Jewish Journal

Most Powerful Weapon of Humanity

by Chava Tombosky

May 27, 2010 | 4:20 pm

Here is a quote from the movie “Invictus”- which, in my opinion, is one of the most important films made in this decade.

Nelson Mandela- “Forgiveness liberates the soul. It removes fear.  That is why it is such a powerful weapon.”

What was interesting about this quote was, it came from a man who had been locked away for twenty-seven years in hard prison by the very men he was then commissioned to lead, yet still managed to forgive them for the sake of redefining humanity.  He led without agenda, except for human dignity to prevail. He led without ego, except for the pride of his country to be reinstated. He led without revenge- except to avenge the years his soul was locked away from the world, by restoring human nobility, virtue and integrity into the blood soaked soil of South Africa.

Fear comes from a place of doubt.  Doubt leads to uncertainty, which gives us pause. This pause leads to distrust. Distrust can lead to broken human experiences that can be destructive and catastrophic, which can then lead us straight to a rightfully unforgiving heart.  Forgiveness is a practice that very few of us can do right, which is what makes it such a difficult yet rewarding experience. Finding good role models like Nelson Mandela is not an easy feat.

It does make it easier to forgive another, if a person asks to be repreived. If the person has sought in his heart the wrong he has made and has asked deeply and sincerely for a renewed relationship, he earns the right to be forgiven.  The Torah says a person is only allowed to ask for forgiveness three times. And upon the third time, if he is still not granted forgiveness, the latter person becomes the person who must then ask for forgiveness for not forgiving. So is the power of making amends wholeheartedly.

But what if forgiveness is not beseeched? Can it still be accomplished? Nelson Mandela taught us a profound lesson in his leadership. When he became President of South Africa, no one ever asked Mandela for forgiveness. Yet he knew in his wisdom, that by acting with compassion, despite what he could have rightfully done, he would be modeling the very attitude he wished others would duplicate.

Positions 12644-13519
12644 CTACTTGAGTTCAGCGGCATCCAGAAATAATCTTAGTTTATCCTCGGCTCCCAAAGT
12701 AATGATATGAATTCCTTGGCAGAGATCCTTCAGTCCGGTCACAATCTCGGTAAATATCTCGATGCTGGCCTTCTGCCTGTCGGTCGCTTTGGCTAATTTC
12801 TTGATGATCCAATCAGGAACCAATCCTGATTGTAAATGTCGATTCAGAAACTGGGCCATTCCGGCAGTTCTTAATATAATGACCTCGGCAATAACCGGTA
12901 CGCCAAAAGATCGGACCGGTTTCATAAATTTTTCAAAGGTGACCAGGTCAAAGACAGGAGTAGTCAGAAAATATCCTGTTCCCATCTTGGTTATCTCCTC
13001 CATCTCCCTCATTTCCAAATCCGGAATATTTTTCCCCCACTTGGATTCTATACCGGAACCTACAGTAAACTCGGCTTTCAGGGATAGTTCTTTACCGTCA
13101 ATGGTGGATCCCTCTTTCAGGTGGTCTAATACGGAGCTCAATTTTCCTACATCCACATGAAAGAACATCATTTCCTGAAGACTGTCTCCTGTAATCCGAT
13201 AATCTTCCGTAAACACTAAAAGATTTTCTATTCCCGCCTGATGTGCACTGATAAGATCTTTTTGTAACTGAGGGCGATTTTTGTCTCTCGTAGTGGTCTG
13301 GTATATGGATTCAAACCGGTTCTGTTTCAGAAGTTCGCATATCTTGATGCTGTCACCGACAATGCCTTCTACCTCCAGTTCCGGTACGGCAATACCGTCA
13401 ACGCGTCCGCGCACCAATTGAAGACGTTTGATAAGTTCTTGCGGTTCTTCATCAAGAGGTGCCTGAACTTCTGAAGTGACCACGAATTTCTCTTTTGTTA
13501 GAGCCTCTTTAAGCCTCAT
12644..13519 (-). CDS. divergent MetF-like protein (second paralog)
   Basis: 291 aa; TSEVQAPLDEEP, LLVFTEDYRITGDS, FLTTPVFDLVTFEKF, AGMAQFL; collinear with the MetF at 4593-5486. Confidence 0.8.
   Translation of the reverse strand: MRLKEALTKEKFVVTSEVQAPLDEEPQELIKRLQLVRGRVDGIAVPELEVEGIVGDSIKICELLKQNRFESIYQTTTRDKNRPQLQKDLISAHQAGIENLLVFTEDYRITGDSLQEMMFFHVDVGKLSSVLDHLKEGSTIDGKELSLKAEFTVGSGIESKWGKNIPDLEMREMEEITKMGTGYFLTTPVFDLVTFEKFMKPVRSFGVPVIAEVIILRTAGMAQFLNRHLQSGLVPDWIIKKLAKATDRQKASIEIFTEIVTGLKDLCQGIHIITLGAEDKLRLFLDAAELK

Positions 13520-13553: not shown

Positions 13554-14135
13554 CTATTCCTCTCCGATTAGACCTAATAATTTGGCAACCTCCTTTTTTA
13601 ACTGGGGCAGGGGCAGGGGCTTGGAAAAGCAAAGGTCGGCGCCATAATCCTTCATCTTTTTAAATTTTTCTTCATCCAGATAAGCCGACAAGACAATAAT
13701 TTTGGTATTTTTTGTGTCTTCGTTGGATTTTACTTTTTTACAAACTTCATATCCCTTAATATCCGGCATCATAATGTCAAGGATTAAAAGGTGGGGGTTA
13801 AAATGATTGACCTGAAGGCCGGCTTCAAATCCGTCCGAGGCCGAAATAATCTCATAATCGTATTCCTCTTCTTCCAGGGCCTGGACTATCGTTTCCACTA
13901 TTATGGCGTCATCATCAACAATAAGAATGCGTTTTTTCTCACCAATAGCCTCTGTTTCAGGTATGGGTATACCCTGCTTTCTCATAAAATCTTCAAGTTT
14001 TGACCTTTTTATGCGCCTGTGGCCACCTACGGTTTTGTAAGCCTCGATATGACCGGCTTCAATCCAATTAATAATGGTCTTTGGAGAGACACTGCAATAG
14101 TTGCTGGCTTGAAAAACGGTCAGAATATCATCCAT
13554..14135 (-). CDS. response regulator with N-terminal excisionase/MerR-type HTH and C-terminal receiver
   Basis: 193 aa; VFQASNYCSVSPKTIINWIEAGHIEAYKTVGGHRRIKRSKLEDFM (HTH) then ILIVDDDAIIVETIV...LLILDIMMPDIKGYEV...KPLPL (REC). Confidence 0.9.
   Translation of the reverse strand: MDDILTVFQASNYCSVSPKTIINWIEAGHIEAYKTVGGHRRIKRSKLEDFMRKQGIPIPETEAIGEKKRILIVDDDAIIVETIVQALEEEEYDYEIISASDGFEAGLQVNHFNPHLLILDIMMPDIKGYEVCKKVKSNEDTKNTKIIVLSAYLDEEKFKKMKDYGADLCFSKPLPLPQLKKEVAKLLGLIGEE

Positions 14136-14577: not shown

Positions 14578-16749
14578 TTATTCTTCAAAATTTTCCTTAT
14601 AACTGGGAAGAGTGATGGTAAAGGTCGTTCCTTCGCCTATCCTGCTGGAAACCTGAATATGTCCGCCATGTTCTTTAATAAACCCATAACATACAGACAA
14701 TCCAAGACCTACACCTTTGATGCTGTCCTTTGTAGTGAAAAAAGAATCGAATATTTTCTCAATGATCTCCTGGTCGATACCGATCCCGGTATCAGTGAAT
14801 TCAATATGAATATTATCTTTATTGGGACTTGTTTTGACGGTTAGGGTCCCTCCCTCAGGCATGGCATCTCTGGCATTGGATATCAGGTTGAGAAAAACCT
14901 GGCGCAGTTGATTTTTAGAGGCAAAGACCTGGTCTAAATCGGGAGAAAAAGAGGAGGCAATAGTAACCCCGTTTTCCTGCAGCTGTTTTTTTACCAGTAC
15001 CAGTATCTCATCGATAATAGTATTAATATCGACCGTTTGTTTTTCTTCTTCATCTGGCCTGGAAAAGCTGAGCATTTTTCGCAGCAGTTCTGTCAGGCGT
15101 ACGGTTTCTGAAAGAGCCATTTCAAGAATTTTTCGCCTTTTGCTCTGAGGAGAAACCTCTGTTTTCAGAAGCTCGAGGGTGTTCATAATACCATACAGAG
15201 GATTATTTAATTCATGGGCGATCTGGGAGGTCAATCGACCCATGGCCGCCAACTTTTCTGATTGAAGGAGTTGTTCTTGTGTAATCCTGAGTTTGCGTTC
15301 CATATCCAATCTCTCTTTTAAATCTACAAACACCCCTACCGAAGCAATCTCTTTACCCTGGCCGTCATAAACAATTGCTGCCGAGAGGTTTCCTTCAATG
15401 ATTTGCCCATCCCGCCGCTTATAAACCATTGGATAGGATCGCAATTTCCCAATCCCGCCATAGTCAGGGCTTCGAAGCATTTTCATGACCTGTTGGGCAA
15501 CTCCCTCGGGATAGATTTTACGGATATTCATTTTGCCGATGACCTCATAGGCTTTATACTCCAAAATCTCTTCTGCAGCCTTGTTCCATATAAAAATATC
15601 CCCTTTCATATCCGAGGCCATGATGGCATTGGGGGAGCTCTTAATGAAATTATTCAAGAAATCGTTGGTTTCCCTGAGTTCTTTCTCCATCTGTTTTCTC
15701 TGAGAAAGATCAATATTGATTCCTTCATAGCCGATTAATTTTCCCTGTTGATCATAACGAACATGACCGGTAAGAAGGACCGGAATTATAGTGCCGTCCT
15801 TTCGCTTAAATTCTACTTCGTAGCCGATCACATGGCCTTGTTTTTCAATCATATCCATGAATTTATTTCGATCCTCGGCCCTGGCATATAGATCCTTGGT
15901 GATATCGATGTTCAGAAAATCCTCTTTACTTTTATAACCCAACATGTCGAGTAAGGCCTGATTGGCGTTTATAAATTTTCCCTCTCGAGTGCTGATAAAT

Suddenly the person who should be asking for forgiveness, but who never does clearly makes a change in his behavior. He reshapes his path and creates enlightenment in his life as a result of learning his lesson through watching the person he hurt live with the pain inflicted on him with dignity and grace. However, no words were ever shared.  No formal amends were made. But the forgiveness process begins organically as a result of the wronged person experiencing his foe in a new refined light. 

This week, I experienced a profound awakening to my own process of forgiveness.  I entered the halls of an institution that had made dire mistakes, which impacted my life in a devastating way.  I swore never to pass through the halls of this organization ever again and never to forgive.  But ten years had passed, and for unforeseen circumstances, I was lead back to the very place that had reshaped my destiny.  I questioned whether I would be able to have complete forgiveness in my heart.  So much of my life has been redefined as a result of this organization’s past errors.  My faith was questioned, trust was broken, and the betrayal was so real. So much of my journey over the past ten years has been influenced and affected by the tragic episode I experienced at the hands of this organization.

What I discovered was beyond my wildest imagination. A massive reform had taken place.  The very mistakes that they had made which had cost many their innocence had been repaired drastically.  New leaders were in place learning from their past and rectifying their mistakes from the ground up. They had watched others model a more enlightened attitude and took note. To my surprise, I was finding myself forgiving without even realizing it.

My eyes filled with tears as I recalled the pain that came with this place, and then I looked up and saw light, laughter, and colors that changed my perception deeply.  No words were ever shared. No amends were made. But the forgiveness process began. It liberated my soul, and finally removed my fear and deep resentments.

The best way to reconstruct broken pieces, and move on from a painful experience and resurrect trust is to liberate one’s soul through the power of forgiveness. The shared experience of the victim and the perpetrator become infused together on a journey to create enlightenment, awareness, advancement, and an open-mindedness to perceive a rebirth of virtue. That is why it is such a powerful weapon.


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My Big Fat Jewish life blog is featured in The Huffington Post and The Algemeiner Journal as well as The Jewish Journal. Chava has also written for Farbrengen Magazine, Soul...

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